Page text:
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The Girls Who Went Away by Ann Fessler
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The Girls Who Went Away (2006)

by Ann Fessler

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534None18,761 (4.14)46
Recently added bymackysmacky, private library, ewillse, bethpresswood, PatienceFortitude, aowenby
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» See also 46 mentions

Showing 1-5 of 33 (next | show all)
Not sure why I picked this up in the bookstore- it was on one of the tables, and looked interesting.
I picked it up, leafed through, and then I was hooked- I found it in the library, and basically wolfed it in one afternoon.

A careful, insightful study of what women went through in the 50's and 60's, when getting pregnant out of wedlock was severely stigmatized, and the effects of giving up their children weren't talked about. ( )
  ewillse | Mar 23, 2014 |
Not sure why I picked this up in the bookstore- it was on one of the tables, and looked interesting.
I picked it up, leafed through, and then I was hooked- I found it in the library, and basically wolfed it in one afternoon.

A careful, insightful study of what women went through in the 50's and 60's, when getting pregnant out of wedlock was severely stigmatized, and the effects of giving up their children weren't talked about. ( )
  PatienceFortitude | Mar 6, 2014 |
Not sure why I picked this up in the bookstore- it was on one of the tables, and looked interesting.
I picked it up, leafed through, and then I was hooked- I found it in the library, and basically wolfed it in one afternoon.

A careful, insightful study of what women went through in the 50's and 60's, when getting pregnant out of wedlock was severely stigmatized, and the effects of giving up their children weren't talked about. ( )
  PatienceFortitude | Mar 6, 2014 |
Not sure why I picked this up in the bookstore- it was on one of the tables, and looked interesting.
I picked it up, leafed through, and then I was hooked- I found it in the library, and basically wolfed it in one afternoon.

A careful, insightful study of what women went through in the 50's and 60's, when getting pregnant out of wedlock was severely stigmatized, and the effects of giving up their children weren't talked about. ( )
  PatienceFortitude | Mar 6, 2014 |
Very powerful and moving. ( )
  satyridae | Apr 5, 2013 |
Showing 1-5 of 33 (next | show all)
.Ann Fessler was nearly 56 when she first met her biological mother, who was 75. By then Fessler had already collected more than 100 oral histories for "The Girls Who Went Away....Unmarried girls in the 1950's and 60's may have felt increasingly liberated to have intercourse (Helen Gurley Brown's "Sex and the Single Girl" was published in 1962, identifying a revolution that was well on its way) but the babies they bore were still considered illegitimate, and pregnancy outside of marriage was still a disgrace. A girl who found herself "in trouble" had virtually no means of resisting the forces that conspired either to push her into a speedy marriage or to hustle her out of town to have her baby far from the sight of all who would condemn her. "In one of the strictest forms of banishment," Fessler writes, "high schools and most colleges required a pregnant girl to withdraw immediately.Mothers and fathers went to what now seem ridiculous lengths to conceal their daughters' shame, "disappearing" them before they sent them away to deliver their babies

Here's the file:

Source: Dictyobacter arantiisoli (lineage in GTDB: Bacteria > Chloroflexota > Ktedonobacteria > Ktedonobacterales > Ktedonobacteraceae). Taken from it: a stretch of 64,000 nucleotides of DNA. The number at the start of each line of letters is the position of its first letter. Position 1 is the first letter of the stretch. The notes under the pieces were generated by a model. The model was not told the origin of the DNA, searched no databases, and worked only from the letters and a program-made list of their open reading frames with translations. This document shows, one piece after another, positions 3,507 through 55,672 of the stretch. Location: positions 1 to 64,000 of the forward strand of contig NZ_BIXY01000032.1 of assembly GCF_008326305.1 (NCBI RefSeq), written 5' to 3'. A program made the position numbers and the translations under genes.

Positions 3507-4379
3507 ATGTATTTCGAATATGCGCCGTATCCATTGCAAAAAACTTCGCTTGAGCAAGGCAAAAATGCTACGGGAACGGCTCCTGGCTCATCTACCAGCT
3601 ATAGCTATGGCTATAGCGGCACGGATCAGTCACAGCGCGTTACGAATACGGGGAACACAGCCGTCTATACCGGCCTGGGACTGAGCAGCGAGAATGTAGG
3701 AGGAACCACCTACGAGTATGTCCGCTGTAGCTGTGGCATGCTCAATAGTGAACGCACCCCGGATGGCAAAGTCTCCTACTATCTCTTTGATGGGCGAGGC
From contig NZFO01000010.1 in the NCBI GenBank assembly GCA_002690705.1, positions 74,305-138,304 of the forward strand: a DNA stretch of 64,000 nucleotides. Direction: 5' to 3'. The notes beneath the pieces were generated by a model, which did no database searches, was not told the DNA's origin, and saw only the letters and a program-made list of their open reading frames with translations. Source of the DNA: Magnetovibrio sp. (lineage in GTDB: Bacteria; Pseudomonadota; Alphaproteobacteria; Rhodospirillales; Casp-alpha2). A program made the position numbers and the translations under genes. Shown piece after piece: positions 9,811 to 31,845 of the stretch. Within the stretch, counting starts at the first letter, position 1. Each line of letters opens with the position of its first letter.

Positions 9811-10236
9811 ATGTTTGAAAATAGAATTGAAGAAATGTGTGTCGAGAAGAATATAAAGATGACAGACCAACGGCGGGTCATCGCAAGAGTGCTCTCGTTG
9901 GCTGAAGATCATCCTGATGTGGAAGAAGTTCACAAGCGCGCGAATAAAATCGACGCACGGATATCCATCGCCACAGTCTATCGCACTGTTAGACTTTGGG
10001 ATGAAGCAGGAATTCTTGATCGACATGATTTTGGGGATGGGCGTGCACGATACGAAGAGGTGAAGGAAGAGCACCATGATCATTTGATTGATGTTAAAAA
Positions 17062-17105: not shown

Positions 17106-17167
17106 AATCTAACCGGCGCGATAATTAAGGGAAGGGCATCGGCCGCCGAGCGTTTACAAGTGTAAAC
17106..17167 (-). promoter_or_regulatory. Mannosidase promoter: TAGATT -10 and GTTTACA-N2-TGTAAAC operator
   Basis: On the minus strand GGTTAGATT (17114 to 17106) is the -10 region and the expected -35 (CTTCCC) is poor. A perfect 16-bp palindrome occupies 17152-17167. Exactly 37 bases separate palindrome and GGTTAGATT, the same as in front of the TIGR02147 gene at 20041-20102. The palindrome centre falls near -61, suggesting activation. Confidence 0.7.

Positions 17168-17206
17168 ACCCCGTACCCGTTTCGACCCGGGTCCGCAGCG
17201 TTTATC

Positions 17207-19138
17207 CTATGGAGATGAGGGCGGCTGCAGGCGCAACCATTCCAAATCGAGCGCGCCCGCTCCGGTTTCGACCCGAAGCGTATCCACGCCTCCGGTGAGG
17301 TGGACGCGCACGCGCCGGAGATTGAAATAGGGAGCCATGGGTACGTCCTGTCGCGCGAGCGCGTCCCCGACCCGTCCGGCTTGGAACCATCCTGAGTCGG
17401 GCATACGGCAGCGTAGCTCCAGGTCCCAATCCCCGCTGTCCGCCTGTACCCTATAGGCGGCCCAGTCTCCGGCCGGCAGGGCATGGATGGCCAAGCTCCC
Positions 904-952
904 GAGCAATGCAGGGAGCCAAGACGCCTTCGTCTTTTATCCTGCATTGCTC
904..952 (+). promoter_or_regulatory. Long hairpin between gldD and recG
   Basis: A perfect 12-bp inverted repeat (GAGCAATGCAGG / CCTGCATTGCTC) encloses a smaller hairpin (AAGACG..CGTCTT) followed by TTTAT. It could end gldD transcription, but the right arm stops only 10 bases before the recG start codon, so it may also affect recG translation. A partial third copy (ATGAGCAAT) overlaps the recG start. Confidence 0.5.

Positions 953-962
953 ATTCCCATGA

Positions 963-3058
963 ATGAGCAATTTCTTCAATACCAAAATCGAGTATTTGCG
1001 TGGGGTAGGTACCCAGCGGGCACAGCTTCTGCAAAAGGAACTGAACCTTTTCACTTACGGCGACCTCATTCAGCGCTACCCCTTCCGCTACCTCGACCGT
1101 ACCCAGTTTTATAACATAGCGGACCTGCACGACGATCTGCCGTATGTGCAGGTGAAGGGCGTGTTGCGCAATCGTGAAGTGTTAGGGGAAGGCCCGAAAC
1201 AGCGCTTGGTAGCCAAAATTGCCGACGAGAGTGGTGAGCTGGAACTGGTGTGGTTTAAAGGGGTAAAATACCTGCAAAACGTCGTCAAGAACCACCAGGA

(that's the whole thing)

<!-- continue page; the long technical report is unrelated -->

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For my two mother, Hazel and Eleanor
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My mother told me that on my first three birthdays she lit a special candle on my cake for the young woman who had given birth to me.
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Amazon.com Product Description (ISBN 0143038974, Paperback)

In this deeply moving and myth-shattering work, Ann Fessler brings out into the open for the first time the astonishing untold history of the million and a half women who surrendered children for adoption due to enormous family and social pressure in the decades before Roe v. Wade. An adoptee who was herself surrendered during those years and recently made contact with her mother, Ann Fessler brilliantly brings to life the voices of more than a hundred women, as well as the spirit of those times, allowing the women to tell their stories in gripping and intimate detail.

(retrieved from Amazon Mon, 30 Sep 2013 13:23:28 -0400)

This book brings to light the lives of 1.5 million single American women in the years following World War II who, under enormous social and family pressure, were coerced to give up their newborn children. It tells not of wild and carefree sexual liberation, but rather of a devastating double standard that has had punishing long-term effects on these women and on the children they gave up. Single pregnant women were shunned by family and friends, evicted from schools, sent away to maternity homes to have their children alone, and often treated with cold contempt by doctors, nurses, and clergy. The majority of the women interviewed by Fessler, herself an adoptee, have never spoken of their experiences, and most have been haunted by grief and shame their entire adult lives.--From publisher description.… (more)

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